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Explanations, tools, and doubleweave

I must apologize again for my lack of posts. Life seems to specialize in getting crazy on me, and it has done exactly that for the last few weeks! First we had the Waldo Canyon Fire here in Colorado Springs. That incident had hubby and I absolutely terrified. He’s a Chicagoan, and I’m a New Yorker. Until living in Arizona, neither of us ever had a wildfire nearby. In Arizona, the closest we ever were to one was a good thirty-forty miles away over rural terrain, so while we could see it, we were never actually threatened by it. The Waldo Canyon fire got within five miles of us. Not exactly unthreatening and benign! So while that was going on, we pretty much lived in front of the tv watching the local news, and spent time packing up irreplaceable items such as photo albums and what-have-you. Plus we had to make arrangements for the extra dogs, as we were dog sitting a Great Dane puppy and a bulldog at the time. I barely have enough room in my truck for my own four dogs with two kids, never mind two more. But we had taken responsibility for them, so we had to find a way to get them out too, just in case we had to evacuate, and we weren’t sure that we were going to avoid that particular occurrence. We did, and my kids’ doctor informed me that I was overreacting while laughing at me. I didn’t think it was all that funny. All it takes to really fear fire is to be either involved in one, or watch a home burn down. Both have happened to me. When I was a teenager, my neighbor’s house burned down to the ground, and they lost everything. They lived right behind us, so we saw everything. And ten years later, my own apartment building went up, and was condemned once the fire was out. Yes, I have a healthy–and reasonable, to my mind–fear of fire. With kids and pets in the house, I’m even more fearful. One of the things I like best about our house is the proximity of the fire department, which is across the street from us.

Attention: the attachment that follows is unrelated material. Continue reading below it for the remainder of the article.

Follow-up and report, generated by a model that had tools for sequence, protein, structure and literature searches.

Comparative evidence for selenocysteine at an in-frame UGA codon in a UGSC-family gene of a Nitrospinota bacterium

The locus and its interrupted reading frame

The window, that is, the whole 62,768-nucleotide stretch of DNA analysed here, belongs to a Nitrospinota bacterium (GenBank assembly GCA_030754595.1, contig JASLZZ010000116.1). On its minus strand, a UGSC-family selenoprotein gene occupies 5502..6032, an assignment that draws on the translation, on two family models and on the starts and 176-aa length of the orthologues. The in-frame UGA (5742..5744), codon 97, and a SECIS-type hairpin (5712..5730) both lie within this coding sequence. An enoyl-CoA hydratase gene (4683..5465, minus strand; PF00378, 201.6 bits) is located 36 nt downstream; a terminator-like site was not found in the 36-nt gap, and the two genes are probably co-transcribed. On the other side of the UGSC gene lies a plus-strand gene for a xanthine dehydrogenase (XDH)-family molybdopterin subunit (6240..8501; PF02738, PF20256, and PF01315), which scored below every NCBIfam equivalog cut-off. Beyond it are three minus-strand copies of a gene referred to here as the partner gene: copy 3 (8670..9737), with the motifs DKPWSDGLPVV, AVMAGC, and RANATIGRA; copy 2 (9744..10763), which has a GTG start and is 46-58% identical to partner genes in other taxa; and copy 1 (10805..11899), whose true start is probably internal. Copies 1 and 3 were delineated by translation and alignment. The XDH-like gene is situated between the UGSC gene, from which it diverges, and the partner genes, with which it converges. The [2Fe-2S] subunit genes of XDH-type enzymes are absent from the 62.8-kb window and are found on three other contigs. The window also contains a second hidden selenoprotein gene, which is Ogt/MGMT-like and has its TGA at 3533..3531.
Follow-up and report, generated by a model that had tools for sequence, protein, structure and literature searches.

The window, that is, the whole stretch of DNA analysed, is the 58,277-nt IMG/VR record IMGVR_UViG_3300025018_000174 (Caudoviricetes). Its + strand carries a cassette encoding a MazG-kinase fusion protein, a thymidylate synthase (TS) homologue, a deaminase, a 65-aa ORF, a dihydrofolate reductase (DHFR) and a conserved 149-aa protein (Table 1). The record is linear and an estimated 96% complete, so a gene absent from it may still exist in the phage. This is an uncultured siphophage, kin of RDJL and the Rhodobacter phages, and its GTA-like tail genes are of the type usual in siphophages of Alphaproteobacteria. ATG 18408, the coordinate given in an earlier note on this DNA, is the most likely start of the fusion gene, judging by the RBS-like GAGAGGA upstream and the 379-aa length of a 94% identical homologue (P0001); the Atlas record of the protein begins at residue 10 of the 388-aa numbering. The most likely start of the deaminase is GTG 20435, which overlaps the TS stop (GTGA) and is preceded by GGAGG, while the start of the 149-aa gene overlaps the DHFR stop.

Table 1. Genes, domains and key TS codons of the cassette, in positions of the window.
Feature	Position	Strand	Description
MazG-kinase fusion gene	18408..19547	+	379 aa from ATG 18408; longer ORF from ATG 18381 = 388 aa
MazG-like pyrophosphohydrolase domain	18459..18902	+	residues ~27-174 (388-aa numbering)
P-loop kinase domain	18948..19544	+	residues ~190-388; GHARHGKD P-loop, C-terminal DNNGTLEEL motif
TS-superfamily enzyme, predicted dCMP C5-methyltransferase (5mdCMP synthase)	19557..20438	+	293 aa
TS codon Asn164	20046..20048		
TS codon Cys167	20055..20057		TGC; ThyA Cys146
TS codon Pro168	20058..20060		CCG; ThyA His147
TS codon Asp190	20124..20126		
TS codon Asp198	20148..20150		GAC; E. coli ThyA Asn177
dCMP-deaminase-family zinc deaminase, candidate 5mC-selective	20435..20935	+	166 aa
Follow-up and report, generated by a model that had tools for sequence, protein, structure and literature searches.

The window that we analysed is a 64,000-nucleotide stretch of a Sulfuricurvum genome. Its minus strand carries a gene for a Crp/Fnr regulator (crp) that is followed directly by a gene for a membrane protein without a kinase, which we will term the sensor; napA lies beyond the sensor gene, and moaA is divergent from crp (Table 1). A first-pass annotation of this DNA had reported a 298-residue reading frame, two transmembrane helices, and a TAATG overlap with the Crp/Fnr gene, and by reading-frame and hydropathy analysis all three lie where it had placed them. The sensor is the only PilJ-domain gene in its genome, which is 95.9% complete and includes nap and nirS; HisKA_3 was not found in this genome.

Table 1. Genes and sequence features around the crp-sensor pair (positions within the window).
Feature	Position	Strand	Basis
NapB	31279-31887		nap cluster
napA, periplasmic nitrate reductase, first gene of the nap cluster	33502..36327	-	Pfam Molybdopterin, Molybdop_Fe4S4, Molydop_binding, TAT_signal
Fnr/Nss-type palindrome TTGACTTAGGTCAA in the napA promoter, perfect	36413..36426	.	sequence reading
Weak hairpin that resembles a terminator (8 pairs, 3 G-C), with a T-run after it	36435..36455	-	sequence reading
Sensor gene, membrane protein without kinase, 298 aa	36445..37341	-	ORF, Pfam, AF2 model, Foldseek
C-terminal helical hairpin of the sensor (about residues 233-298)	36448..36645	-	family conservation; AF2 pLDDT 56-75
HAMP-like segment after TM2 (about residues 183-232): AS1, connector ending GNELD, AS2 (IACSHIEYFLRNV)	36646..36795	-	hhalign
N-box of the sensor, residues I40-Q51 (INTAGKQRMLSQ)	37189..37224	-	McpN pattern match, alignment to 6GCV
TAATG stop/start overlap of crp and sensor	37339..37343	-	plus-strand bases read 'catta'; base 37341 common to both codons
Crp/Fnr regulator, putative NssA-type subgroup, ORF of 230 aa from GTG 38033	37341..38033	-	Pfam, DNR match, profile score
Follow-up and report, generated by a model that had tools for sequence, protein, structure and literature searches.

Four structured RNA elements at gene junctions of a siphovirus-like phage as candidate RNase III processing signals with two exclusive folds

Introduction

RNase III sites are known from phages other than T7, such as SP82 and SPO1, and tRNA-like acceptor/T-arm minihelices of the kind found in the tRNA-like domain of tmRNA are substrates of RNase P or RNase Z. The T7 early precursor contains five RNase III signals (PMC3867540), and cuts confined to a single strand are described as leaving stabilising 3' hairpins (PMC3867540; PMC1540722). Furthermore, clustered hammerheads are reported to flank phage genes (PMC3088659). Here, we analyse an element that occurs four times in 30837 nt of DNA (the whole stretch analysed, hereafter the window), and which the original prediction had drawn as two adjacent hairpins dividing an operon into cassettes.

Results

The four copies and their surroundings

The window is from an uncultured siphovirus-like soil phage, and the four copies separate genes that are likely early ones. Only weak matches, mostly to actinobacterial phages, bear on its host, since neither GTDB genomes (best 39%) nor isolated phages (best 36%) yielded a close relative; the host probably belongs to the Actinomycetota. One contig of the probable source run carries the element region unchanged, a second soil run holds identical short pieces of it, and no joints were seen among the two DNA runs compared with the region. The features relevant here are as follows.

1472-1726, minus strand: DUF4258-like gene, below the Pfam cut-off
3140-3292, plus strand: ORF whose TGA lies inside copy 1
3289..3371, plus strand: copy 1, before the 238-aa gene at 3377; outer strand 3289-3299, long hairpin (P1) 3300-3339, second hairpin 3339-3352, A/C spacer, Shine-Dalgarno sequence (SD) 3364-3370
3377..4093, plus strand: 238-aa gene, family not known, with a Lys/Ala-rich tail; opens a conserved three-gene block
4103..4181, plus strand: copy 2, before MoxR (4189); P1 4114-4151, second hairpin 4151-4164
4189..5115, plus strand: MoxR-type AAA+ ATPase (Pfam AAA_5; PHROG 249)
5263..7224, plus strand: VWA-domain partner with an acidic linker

The next thing that happened was my flight home to New York to finally take care of all the tickets I left behind there. Twenty years old, they were, and needed to be dealt with in order to keep a license. I won’t say what it cost. People might keel over from the shock. But while I was there, I went to see my best friend of twenty years, whose children are my godchildren. Her living situation was so far from ideal for a woman in her forties, and she was miserable, with serious health issues, and no help from her significant other, who conveniently forgot to take her for a needed surgery at one point, that I told her to pack, because she was coming back to Colorado with me. I bought the ticket once she agreed, and she has now been with us for nearly two weeks. We’re all still trying to adjust to the new family dynamics. It’s hard. We’re so used to it being just the four of us against the world.